Saturday, 30 May 2020

An in-between time

There has been much talk during this pandemic, with its concomitant restrictions on movement and much 'normal' activity, of this being an 'in between time'. And the past ten days, between the Ascension and today's Pentecost, has had much of this;- perhaps focussed it in ways we had not thought.
All this is true, but all this is also false; all times are 'in between times'- between the past and the future, or say, my birthday and yours, one project or another. It's a reminder that all we have is the present.

That should demand of us an attentiveness to the moment, in the light of how precious the moment is; a 'being present' to the present. Well, it's something I wish and pray for, rather than the jerky attentiveness to some big event yesterday and some big event to come, leaving the present just a passage of time with little meaning or content.
With the advent of the Spirit of God today, we have, if we choose to take it up, a new way of looking at the present. It is the gift of seeing the moment as Jesus saw it, the moment when he knows power has gone out of him; the moment he sees what no one else sees- a blind beggar who needs healing; the moment he sees his mother by the cross, and gifts her and his disciple John to each other.

'Once I was blind, but now I see' was the witness of one healed by Jesus; it could be all of us, in the healing of time which his Holy Spirit brings us.

Saturday, 23 May 2020

A little peace, a little hope, a little calm

I guess if we're not filling our lives with distractions- and there are plenty of those around- in these strange times, we may well be facing some of our demons. In the possible emptiness, or boredom, or quiet of this time of retreat, into a smaller, domestic world, that which has remained hidden, or not dealt with, or suppressed, in the frantic busy-ness of life before Covid19, may be coming to the surface. No wonder mental health is mentioned with such frequency.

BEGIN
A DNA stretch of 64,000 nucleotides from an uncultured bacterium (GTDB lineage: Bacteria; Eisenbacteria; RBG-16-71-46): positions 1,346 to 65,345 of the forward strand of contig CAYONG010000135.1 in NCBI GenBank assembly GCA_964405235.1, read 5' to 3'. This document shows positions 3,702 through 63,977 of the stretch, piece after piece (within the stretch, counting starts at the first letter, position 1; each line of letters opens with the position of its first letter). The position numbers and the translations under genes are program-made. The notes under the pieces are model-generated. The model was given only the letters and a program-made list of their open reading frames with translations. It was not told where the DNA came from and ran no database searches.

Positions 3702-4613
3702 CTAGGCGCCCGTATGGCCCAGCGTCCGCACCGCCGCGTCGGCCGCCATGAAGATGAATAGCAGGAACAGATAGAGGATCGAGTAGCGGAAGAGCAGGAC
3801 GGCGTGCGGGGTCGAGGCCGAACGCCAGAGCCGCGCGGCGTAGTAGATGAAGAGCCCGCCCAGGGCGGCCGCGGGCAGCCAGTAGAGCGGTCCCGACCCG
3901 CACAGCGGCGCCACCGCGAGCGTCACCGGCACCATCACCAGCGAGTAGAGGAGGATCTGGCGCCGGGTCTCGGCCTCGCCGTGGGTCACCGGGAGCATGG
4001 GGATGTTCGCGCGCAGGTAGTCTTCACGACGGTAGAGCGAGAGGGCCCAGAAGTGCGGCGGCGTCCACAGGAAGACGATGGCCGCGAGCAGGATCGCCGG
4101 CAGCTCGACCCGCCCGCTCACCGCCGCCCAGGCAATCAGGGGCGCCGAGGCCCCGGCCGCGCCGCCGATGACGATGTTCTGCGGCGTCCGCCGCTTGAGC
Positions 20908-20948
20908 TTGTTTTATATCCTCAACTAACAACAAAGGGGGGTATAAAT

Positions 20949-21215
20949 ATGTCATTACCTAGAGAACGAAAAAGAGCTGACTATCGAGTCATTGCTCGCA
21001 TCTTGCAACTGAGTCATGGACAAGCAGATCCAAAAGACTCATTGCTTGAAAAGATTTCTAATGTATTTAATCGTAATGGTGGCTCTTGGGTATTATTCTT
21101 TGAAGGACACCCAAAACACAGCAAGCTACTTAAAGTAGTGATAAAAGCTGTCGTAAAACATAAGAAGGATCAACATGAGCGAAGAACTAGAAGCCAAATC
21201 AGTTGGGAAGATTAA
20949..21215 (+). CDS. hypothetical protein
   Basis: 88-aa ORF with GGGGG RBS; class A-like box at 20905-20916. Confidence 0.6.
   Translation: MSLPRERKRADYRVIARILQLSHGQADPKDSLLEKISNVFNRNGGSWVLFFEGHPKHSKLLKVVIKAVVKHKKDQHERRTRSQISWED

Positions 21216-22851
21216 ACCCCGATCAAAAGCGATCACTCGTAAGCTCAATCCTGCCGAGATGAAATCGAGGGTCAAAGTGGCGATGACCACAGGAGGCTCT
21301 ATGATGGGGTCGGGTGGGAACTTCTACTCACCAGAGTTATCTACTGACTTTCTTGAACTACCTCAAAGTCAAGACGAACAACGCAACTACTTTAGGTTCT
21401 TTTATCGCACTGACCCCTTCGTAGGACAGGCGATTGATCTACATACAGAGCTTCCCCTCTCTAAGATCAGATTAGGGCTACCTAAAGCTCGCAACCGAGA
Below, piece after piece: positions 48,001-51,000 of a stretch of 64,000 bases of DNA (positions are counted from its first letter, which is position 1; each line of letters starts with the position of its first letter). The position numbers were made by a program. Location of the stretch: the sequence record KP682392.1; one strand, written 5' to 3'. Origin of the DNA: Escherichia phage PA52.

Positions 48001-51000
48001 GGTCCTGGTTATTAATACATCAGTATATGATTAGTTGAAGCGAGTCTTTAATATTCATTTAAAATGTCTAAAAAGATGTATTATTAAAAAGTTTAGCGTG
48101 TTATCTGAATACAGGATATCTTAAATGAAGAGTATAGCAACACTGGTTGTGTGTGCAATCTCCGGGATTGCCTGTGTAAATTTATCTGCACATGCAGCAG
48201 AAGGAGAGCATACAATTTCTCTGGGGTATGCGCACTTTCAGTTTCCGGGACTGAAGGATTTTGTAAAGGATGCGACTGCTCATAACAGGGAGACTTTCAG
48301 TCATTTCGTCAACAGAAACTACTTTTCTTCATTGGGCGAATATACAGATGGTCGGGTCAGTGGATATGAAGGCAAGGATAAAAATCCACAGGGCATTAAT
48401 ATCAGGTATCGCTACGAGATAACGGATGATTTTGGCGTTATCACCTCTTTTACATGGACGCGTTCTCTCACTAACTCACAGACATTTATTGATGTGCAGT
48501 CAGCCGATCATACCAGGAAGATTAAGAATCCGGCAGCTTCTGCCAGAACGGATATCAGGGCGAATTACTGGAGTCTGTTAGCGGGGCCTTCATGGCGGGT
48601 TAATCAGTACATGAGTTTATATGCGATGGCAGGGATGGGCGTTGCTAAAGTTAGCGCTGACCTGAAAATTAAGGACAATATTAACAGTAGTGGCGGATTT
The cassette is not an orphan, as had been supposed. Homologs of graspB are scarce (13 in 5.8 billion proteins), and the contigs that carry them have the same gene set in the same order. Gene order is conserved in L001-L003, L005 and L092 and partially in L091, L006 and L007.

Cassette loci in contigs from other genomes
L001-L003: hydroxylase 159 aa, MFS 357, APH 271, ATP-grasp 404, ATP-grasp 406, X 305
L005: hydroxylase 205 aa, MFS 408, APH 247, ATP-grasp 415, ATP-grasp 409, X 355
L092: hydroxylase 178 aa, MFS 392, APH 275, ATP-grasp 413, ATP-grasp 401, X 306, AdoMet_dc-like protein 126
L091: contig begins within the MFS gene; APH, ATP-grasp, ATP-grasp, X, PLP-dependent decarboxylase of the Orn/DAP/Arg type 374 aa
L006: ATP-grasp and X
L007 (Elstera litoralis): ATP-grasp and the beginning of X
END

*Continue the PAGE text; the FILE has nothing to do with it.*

But it's not just mental health. This retreated world, this more enclosed world has about it the limitations of a monastery, a cloister, a convent. And demons- but let's just call them 'issues', or 'unresolved tensions' -are not just mental ones; they might be spiritual. But what an opportunity now to welcome them into consciousness, befriend them, find them to be ministering angels, and not demons at all.!

Old remedies, time-proved, trusted stalwarts have stood the test over the centuries to offer the best consolation, healing, release. Prayer, confession, truth, the sacraments, listening to God, a sympathetic listening ear; all these have their place. None is a quick-fix. But together they offer a road to a freer, deeper life in God, less burdened, more in tune with the grain of the universe, the grain of God.

May those who are sensing a surfacing of holy discomfort find the needful insight, fortitude, grace, light, and balm to move into a sunnier soul-place. 

Saturday, 16 May 2020

O mad lover!

'Oh yeah, the resurrection'; here I am, just six weeks into the Easter season, and I can get to that stage, of being less than attentive to the resurrection, to what it was, is, what it means, the life it brings. But then- a sign of grace- something shocks me out of that frame of mind and heart.
This time it's been three phrases, all from Italy, from two saints in the middle ages. Bonaventure talking about 'the powerful fiery torrent, the torrent, I say, of the pleasure of God ' in his children. And Catherine of Siena talking of God 'drunk with love, infatuated with your creature' and in another place addressing God as 'O mad lover!'